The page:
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Travel grants for artists: Two talking points
A couple of weeks ago, I wrote a column called Nude Fringe plays, travel grants and the conservative agenda, and I got considerable kudos from folks in the arts community, which is always a nice feeling. Some congratulated me for my “investigative reporting,” but I don’t really consider it to be an investigative piece- my research consisted of sources I found online, and I certainly wasn’t the first to point out the connection between Watchdog.org and conservative sources of funding like the Koch brothers.
A couple of days after the piece ran, I got a call from Minnesota State Senator Dick Cohen, who I named in the column as being one of the Democrats who “cowered in fear” last spring when the Republicans went after state arts board funding for travel. One thing that my original column perhaps didn’t emphasize enough was that without Cohen, we wouldn’t have an Arts and Cultural Heritage Fund at all, so I just wanted to make sure I got that point across here. Thank you Senator Cohen for making it happen, as someone who has personally benefited from legacy money myself.
I was worried that Cohen was going to yell at me about what I had said in the column, but it ended up being a good conversation. He assured me that he would be the first to defend the Fringe Festival if the conservatives started to go after it, and said he didn’t believe in censorship, which was good to hear. He also said that his decision not to defend the travel grants wasn’t because he was cowering in fear but because he actually didn’t think state money should be going to activities out of state, which sparked a rather lengthy debate between the two of us about the travel grants themselves.
I realized that in my earlier column, I didn’t give my reasons why I thought that travel grants were an important use of state arts board funds, although I did point to Vickie Benson’s piece, which gives an eloquent explanation.
Later, when I was talking about the conversation with a friend of mine, she said it would be useful to have some handy “talking points” when discussing the topic with naysayers. I thought that sounded like a good idea, and might be helpful for defending legacy dollars in general, which I probably will get to at some point in the near future, but for today, I thought I’d spell out two simple arguments why the state legislature should change the law back to allow travel grants. Here are two talking points, with examples:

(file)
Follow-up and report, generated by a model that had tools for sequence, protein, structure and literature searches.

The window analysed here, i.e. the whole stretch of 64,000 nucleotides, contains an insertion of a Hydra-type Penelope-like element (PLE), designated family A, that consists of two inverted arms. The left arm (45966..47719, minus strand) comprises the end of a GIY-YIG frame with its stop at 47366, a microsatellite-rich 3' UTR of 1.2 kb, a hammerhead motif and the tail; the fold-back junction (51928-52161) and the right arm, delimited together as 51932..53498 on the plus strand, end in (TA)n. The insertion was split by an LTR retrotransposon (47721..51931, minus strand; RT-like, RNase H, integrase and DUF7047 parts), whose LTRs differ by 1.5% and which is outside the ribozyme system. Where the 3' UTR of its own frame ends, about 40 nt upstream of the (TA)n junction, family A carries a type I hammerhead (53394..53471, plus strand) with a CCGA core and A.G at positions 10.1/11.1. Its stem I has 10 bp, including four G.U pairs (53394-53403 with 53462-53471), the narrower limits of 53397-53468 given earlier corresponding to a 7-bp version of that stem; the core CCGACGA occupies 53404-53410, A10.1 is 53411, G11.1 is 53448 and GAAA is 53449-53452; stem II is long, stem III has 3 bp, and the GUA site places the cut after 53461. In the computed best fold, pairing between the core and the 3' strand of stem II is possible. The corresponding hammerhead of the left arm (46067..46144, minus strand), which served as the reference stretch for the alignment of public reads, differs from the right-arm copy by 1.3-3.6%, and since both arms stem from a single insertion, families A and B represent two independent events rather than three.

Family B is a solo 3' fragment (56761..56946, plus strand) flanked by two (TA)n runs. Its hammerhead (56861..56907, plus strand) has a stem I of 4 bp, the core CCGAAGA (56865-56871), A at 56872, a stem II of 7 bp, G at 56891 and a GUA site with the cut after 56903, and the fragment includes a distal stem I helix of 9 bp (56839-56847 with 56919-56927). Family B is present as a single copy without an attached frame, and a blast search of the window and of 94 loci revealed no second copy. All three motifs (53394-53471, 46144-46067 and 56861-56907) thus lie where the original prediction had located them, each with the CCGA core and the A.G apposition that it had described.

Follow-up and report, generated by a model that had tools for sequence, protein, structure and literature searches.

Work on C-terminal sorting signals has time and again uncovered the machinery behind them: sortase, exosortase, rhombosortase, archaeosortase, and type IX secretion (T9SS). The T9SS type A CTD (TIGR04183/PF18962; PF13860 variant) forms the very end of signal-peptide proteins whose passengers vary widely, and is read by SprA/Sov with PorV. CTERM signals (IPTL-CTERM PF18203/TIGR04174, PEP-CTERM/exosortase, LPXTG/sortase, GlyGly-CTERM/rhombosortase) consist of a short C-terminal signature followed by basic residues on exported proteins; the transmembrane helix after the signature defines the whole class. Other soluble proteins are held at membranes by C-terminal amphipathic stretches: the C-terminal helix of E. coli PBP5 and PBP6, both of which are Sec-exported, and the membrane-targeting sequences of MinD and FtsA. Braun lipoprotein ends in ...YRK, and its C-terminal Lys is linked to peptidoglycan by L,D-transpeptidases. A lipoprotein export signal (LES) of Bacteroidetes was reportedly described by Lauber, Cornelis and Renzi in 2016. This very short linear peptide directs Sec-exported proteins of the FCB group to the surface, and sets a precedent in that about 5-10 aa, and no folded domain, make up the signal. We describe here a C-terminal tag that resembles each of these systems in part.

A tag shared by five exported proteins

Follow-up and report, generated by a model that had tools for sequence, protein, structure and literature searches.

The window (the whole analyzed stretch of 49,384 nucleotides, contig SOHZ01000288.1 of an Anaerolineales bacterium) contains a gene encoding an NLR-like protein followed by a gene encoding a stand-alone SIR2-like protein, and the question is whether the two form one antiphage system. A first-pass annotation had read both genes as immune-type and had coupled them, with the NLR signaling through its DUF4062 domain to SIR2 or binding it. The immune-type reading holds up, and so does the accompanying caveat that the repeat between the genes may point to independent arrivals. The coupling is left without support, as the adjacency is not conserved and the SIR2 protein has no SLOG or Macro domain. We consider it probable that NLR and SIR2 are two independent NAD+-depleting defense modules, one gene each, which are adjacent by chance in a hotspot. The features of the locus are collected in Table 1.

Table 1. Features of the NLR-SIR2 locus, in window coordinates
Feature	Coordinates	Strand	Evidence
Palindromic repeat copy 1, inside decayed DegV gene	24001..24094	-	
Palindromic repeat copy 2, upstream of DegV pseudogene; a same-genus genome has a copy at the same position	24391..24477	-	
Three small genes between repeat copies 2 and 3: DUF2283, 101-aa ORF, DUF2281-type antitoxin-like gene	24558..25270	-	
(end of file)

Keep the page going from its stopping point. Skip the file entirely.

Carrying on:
1) Travel grants provide opportunities for artists to gain research and expertise in other places in order to benefit Minnesota audiences.
It seems to me like a no-brainer, but apparently it’s not. Perhaps this is news to some people in the Minnesota legislature, but you can’t just sit in your room your whole life and expect to be able to create brilliant works of art. Just as a doctor might go to a conference to learn more advanced ways of providing care, or a historian might travel to an archive library in another state in order to gather primary materials for research, so artists, on occasion, need to travel away from their home in order to be able to enrich their work.
Let’s talk flamenco, for a moment. In 2009, Deborah Elias, a dancer from Zorongo Flamenco received a $6,000 grant to travel to Spain for 23 days for intensive one-on-one study with flamenco artist Domingo Ortega in Jerez de la Frontera. That same year, Zorongo’s artistic director, Susana di Palma, attended the Festival del Flamenco in the same city. In 2012, di Palma received another grant for $6,800 to attend Bienal de Flamenco de Sevilla, where she attended 20 concerts, took classes in singing for dance, and did research. Were they just going on vacation for their own pleasure? No, they were learning from other flamenco artists, making connections, and developing their craft in order to enrich their work, which they provide for Minnesota audiences. Also in 2009, Colette Illarde, another Zorongo dancer, received $6,000 to create and develop a new dance work that was included in the Hit It Festival at the Southern that year, and also included a free public event.